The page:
And He put all things in subjection under His feet, and gave Him as head over all things to the church, which is His body, the fullness of Him who fills all in all.Ephesians 1:22-23 (NASB)

Waiting On God

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God often asks us to wait. Waiting builds patience in our lives and transforms our character. It also deepens our dependency on God.

Moses is a wonderful example of someone whose character was transformed through the discipline of waiting. After his exile from Egypt, Moses spent 40 years in the desert of Midian. He went from being a prince of Egypt to a shepherd. God fed him lessons in humility and patience. Moses probably felt he was doing nothing worthwhile in life, but God was equipping and training him to be a leader, and that included desert survival skills. At the age of 80, Moses returned to Egypt and delivered Israel through the power and will of God. Then, for forty additional years, Moses endured a desert existence, leading a stiff-necked people God called His own.

Trust in the Lord with all your heart, and lean not on your own understanding; In all your ways acknowledge Him, and He shall direct your paths.” Proverbs 3:5-6 (NKJV)

The story Joseph is another example of waiting on God and trusting in His provision. After his brothers sold him into slavery, Joseph was taken to Egypt. Once there, Potiphar, who was in charge of the Pharaoh’s kitchen, bought him. He made Joseph his personal attendant and placed him in charge of his entire household. Unfortunately, his master’s wife tried to seduce him and when Joseph resisted her advances, she lied about the encounter thus prompting Potiphar to send him to prison.

“Then Joseph’s master took him and put him into the prison, a place where the king’s prisoners were confined. And he was there in the prison. But the Lord was with Joseph and show him mercy, and He gave him favor in the sight of the keeper of the prison. And the keeper of the prison committed to Joseph’s hand all the prisoners who were in the prison; whatever they did there, it was his doing. The keeper of the prison did not look into anything that was under Joseph’s authority, because the Lord was with him; and whatever he did, the Lord made it prosper.” Genesis 39:20-23 (NKJV)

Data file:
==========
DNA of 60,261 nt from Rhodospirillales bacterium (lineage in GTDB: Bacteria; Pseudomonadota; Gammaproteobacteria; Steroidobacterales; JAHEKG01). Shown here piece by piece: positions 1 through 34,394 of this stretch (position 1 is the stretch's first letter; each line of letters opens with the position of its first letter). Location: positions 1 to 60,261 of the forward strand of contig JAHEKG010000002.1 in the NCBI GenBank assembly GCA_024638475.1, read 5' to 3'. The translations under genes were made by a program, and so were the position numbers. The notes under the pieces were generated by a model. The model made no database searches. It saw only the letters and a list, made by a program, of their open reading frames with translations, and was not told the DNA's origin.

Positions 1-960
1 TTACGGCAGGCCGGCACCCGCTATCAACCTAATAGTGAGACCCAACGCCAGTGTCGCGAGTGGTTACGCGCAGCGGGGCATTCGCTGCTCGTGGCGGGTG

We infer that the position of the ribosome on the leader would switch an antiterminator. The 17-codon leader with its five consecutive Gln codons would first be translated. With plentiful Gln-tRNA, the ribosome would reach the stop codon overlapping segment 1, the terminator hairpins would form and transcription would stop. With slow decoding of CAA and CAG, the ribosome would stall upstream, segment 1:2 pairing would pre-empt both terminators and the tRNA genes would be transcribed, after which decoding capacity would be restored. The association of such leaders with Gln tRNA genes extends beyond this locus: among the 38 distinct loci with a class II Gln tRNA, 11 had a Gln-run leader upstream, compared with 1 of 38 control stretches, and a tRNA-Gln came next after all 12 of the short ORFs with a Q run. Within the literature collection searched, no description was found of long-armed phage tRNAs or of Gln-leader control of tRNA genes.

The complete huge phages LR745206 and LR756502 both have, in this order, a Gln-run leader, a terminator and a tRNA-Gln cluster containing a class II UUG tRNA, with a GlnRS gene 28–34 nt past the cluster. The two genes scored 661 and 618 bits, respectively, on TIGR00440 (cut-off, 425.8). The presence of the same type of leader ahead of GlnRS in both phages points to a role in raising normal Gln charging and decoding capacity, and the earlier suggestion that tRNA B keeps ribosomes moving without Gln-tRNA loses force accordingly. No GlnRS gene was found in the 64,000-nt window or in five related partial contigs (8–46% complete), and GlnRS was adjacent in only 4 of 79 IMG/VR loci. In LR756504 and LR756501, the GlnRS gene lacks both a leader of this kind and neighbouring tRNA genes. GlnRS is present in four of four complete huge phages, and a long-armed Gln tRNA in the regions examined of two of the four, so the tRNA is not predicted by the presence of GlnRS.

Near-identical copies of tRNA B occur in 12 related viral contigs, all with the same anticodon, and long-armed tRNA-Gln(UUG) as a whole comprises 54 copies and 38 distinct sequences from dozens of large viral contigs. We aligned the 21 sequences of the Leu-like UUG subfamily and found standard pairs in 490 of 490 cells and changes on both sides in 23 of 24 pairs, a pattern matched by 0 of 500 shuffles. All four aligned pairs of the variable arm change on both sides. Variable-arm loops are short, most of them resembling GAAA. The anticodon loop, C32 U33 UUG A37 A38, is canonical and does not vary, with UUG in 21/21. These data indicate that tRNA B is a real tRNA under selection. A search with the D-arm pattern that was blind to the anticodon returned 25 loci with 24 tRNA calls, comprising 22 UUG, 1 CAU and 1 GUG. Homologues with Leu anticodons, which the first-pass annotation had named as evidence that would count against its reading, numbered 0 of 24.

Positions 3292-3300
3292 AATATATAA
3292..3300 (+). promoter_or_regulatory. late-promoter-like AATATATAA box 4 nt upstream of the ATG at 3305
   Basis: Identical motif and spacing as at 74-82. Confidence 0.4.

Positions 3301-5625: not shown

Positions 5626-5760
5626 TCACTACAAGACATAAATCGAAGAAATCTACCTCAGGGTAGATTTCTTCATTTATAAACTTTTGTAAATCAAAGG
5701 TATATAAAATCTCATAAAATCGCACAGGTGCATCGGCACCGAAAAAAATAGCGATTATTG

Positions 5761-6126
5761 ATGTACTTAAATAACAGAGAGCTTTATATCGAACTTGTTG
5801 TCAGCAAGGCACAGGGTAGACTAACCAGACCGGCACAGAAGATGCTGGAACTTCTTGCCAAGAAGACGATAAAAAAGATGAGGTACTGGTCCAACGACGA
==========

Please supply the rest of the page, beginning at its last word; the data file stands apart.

For two years Joseph sat in prison. God was with him the whole time, preparing him for a job that would save many people.

That you may walk worthy of the Lord, fully pleasing Him, being fruitful in every good work and increasing in the knowledge of God;  strengthened with all might, according to His glorious power, for all patience and longsuffering with joy.” Colossians 1:10-11 (NKJV)

It wasn’t until the Pharaoh experienced bad dreams that Joseph was remembered and called to interpret their meaning. Eventually, Joseph rose from slave and prisoner to Pharaoh’s second-in-command. He was able to rescue many Egyptians from a famine by stockpiling grain during seven years of plenty. Because of the famine, Joseph was once again reunited with his family and in a position to save them, by providing much needed grain.

After Jacob died, his brothers feared for their lives regretting having sold him into slavery. But Joseph assured his brothers that God had always intended that he go to Egypt so He could him to save many people. Therefore, he wanted to take care of his brothers, their children, and his father’s household. Joseph believed God had a divine plan for his life. He had to get to Egypt some how, and his brothers took care of that step. Learning leadership skills were also necessary, and learning them in a prison was also a part of God’s plan.

The means by which God equips His children may seem strange, even brutal. But, we must trust that our loving Father knows the best way to discipline, refine, and equip us for the works He wants us to accomplished. Moses and Joseph waited a long time to see the fruit of their labor. We can learn from them. Patience is an act of faith and takes a good measure of self-control. Let the following scriptures encourage you while working through your personal sanctification process. Let the dross come to the surface! In time, you will look into the crucible of melted gold and the reflection you see will be the face of Christ.

Do not let the loud utterances of your own wills anticipate, nor drown, the still, small voice in which God speaks. Bridle impatience till He does. If you cannot hear His whisper, wait till you do. Take care of running before you are sent. Keep your wills in equipoise till God’s hand gives the impulse and direction.“ ~Alexander MacLaren

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I wait for the Lord, my soul waits, and in His word I do hope. My soul waits for the Lord, more than those who watch for the morning— Yes, more than those who watch for the morning.” Psalm 130:5-6 (NKJV)

 “But those who wait on the Lord shall renew their strength; They shall mount up with wings like eagles, they shall run and not be weary, they shall walk and not faith.” Isaiah 40:31 (NKJV)

Wait on the Lord, and keep His way, and He shall exalt you to inherit the land; When the wicked are cut off, you shall see it.Psalm 37:34 (NKJV)

 The Lord is not slow in keeping his promise, as some understand slowness. Instead, He is patient with you, not wanting anyone to perish, but everyone to come to repentance.2 Peter 3:9 (NIV)